Do You Have an Inconvenience Fund?

We all know that it’s important to have an emergency fund. If you have one, you’re much better off than you would be without one because it gives you a bit of a buffer in life.

But there’s more to life than the two extremes of regular expenses and emergencies. So, do you have an inconvenience fund as well?

An inconvenience fund is used for those pricey things that occur at unpredictable intervals, but aren’t really true emergencies.

Financial inconveniences include things like the washer or dryer kicking the bucket, running over some debris with your car and getting a flat tire, your pet taking sick, etc.

Some people just make their emergency funds extra large to cover these kind of expenses instead of having a separate fund (even if that separation is just on paper.)

I like to have completely separate funds though for psychological reasons. I don’t want to get in the habit of using my emergency fund for things that are just expensive inconveniences.

Having separate fund allows me to take care of life’s pricey inconveniences without violating the sanctity of my emergency fund — or using it and then not having it available when I really need it.

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10 comments

  • We have an Auto and Home account for maintenance issues that pop up (like my crappy Aveo’s themostat housing last week for $350). We also have a Vacation account that we’d hit before we move on to the emergency fund…

    These funds have kept us from needing the emergency fund for 3 years and counting. Good advice!

  • How about when a friend has a destination wedding that they plan only four months out? That’s an inconvenience;)

    We don’t separate the inconveniences from the emergencies or planned expenses, but it’s definitely not a bad idea. We’re working on tracking these kinds of expenses over time under a more generic category of ‘unplanned’. Should be interesting to see how much money is put into this category over the course of a year.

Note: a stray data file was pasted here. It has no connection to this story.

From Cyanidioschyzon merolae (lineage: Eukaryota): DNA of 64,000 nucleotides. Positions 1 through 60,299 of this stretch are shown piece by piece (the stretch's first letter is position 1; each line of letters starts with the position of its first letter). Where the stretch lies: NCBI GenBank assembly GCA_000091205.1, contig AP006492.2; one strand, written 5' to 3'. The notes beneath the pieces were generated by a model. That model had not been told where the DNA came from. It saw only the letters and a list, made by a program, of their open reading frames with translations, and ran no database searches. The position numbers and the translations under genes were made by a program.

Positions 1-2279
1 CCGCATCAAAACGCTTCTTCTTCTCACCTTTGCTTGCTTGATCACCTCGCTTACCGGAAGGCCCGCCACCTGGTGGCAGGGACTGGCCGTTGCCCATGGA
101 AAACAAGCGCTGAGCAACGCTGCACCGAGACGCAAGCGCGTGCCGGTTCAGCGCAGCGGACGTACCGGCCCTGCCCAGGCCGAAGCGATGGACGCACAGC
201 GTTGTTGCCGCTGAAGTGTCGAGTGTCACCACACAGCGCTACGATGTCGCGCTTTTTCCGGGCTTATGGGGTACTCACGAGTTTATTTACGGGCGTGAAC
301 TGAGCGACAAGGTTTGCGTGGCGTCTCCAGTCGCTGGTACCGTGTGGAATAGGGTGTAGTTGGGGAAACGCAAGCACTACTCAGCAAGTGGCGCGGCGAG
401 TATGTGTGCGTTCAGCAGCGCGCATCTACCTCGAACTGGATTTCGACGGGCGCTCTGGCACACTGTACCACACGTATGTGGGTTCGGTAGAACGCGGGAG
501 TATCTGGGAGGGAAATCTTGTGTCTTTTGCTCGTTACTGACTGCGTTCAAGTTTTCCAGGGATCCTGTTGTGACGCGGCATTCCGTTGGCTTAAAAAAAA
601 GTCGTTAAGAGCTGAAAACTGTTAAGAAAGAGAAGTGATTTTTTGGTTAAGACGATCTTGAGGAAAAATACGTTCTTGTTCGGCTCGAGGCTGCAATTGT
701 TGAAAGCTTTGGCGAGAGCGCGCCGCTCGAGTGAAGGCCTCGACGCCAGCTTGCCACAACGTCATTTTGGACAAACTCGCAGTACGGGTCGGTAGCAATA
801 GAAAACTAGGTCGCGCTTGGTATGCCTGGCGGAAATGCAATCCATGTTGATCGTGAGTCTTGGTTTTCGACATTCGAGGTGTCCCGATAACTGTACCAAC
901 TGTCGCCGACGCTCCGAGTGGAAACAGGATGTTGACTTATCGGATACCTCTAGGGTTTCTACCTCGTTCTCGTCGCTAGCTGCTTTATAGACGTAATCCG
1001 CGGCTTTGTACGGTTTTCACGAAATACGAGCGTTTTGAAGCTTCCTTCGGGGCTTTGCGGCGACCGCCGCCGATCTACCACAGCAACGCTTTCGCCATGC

• Michael, yeah that does sound inconvenient. Hopefully it’ll turn out to be fun though. Are you specifying what the ‘unplanned’ expenses are for when you track them?

  • Actually, the cash flow module we’re building on our site is setup so that each user’s cash flow is projected out 12 months at a time. We have them enter in their regular, recurring expenses and these are categorized as ‘planned’. After that, any unplanned expenses are detected because they’re not already in the cash flow forecast when the budget is reconciled.

    We’re still a few months out before we have this thing working the way we want, but it’s going to be a pretty useful tool. I would contend that under normal circumstances, budgets are broken more as a result of ‘unplanned’ expenses that really should have been included in the forecast.

    Usually when you use budgeting software or even an excel sheet (which my wife and I have used for years), you forget about those pesky expenses that occur each year like gifts, school fees for the kids, shopping for new clothes, etc.

    In your post, I like the idea of the inconvenient expenses because these things happen all of the time and are, in fact, inconvenient. If there was a way to track these over time, you could build in a cushion to your annual budget (setting it aside in an ‘inconvenience fund’ perhaps).

    The bottom line for me is that if you do a really good job forecasting, you’ll be more apt to stick with a budget because you won’t constantly feel like you’re failing at it.

    Actually, car repairs are one of those things that I’d love to be able to average out over a number of years to see how much it sucks out of our budget. It’s hard to say when the starter, alternator, or struts are going to go bad, but if you had an average to work off of, it would make these inconveniences so much easier to manage.

    Also, I really like the clean layout of your blog and particularly the Money Crush logo at the top. Very cool.

    • Michael, that sounds like a pretty cool tool. Annual or irregular expenses *are* often forgotten a lot, which probably contributes to people’s frustrated thinking that “budgeting doesn’t work”. It does work, it’s just that most people don’t persist long enough to get all the kinks worked out and all the forgotten expenses added in.

      Car repairs are especially tricky though, because in general people don’t keep their cars long enough to really get a good average.

      Thanks for the compliments about my blog. I had the logo done using a 99designs contest.

  • Hi Jackie, Very cool idea. I like the supplement to the “emergencey fund.” I’m going to add it to my link round up next week! Best regards, Barb

  • I have a separate car fund for things that I always forget and I have splurge fund so I can have some time off for fun. I also have a miscellaneous fund that works as my inconvenience fund so I don’t have to touch my emergency fund.